This year (2012) marks the 50th anniversary of the discovery of protein histidine phosphorylation. Phosphorylation of histidine (pHis) is now widely recognized as being critical to signaling processes in prokaryotes and lower eukaryotes. However, the modification is also becoming more widely reported in mammalian cellular processes and implicated in certain human disease states such as cancer and inflammation. Nonetheless, much remains to be understood about the role and extent of the modification in mammalian cell biology. Studying the functional role of pHis in signaling, either in vitro or in vivo, has proven devilishly hard, largely due to the chemical instability of the modification. As a consequence, we are currently handicapped by a chronic lack of chemical and biochemical tools with which to study histidine phosphorylation. Here, we discuss the challenges associated with studying the chemical biology of pHis and review recent progress that offers some hope that long-awaited biochemical reagents for studying this elusive posttranslational modification (PTM) might soon be available.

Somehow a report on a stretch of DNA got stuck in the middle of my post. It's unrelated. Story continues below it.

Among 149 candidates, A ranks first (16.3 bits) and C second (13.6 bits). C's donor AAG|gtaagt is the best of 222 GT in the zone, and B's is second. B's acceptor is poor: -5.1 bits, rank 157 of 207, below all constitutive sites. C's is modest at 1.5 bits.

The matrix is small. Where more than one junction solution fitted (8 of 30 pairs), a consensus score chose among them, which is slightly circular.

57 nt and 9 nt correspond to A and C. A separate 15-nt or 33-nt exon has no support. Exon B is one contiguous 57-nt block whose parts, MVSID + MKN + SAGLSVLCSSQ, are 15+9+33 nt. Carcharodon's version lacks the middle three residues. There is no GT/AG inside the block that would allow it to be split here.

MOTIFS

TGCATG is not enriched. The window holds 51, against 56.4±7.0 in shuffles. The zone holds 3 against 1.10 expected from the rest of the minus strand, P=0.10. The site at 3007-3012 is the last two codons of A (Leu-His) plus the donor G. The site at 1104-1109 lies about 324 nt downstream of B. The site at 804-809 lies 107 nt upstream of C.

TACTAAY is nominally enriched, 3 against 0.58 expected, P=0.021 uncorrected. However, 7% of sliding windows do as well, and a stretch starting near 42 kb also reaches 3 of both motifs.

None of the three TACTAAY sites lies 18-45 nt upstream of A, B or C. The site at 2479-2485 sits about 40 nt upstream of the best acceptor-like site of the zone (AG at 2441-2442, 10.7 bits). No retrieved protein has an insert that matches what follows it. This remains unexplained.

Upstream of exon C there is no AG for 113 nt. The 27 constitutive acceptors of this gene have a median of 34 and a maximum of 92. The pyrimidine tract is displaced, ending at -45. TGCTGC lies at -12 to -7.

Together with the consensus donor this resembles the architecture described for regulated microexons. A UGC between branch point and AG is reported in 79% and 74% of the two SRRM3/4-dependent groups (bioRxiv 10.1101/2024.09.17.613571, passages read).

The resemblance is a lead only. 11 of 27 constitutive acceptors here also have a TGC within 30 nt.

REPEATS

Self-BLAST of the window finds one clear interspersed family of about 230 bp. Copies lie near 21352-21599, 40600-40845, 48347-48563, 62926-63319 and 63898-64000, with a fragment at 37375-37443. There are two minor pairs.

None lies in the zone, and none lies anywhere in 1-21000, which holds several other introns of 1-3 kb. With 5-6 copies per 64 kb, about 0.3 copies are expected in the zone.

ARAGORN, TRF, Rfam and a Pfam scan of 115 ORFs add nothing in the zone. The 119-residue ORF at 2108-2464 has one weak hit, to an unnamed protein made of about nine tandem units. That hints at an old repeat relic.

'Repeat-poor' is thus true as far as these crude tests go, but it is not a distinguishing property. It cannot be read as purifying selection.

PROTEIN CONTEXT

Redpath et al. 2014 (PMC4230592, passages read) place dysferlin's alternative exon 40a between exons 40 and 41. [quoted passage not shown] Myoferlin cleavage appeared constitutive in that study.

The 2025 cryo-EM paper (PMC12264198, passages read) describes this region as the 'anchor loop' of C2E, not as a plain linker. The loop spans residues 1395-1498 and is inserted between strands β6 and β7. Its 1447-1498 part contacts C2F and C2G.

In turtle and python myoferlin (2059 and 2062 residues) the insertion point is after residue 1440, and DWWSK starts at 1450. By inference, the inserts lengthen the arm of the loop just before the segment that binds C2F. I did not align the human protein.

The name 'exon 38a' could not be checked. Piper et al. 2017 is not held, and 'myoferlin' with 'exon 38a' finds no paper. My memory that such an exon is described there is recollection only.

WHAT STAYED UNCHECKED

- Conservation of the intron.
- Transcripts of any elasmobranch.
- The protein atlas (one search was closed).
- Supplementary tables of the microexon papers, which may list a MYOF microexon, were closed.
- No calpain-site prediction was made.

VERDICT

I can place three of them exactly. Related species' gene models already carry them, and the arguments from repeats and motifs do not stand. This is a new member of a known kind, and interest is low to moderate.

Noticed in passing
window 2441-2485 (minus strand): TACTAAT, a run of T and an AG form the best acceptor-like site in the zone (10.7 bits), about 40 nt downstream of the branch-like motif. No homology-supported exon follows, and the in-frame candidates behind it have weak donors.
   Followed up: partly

|Original language||English (US)|
|Number of pages||8|
|Journal||ACS chemical biology|
|State||Published - Jan 20 2012|
All Science Journal Classification (ASJC) codes
- Molecular Medicine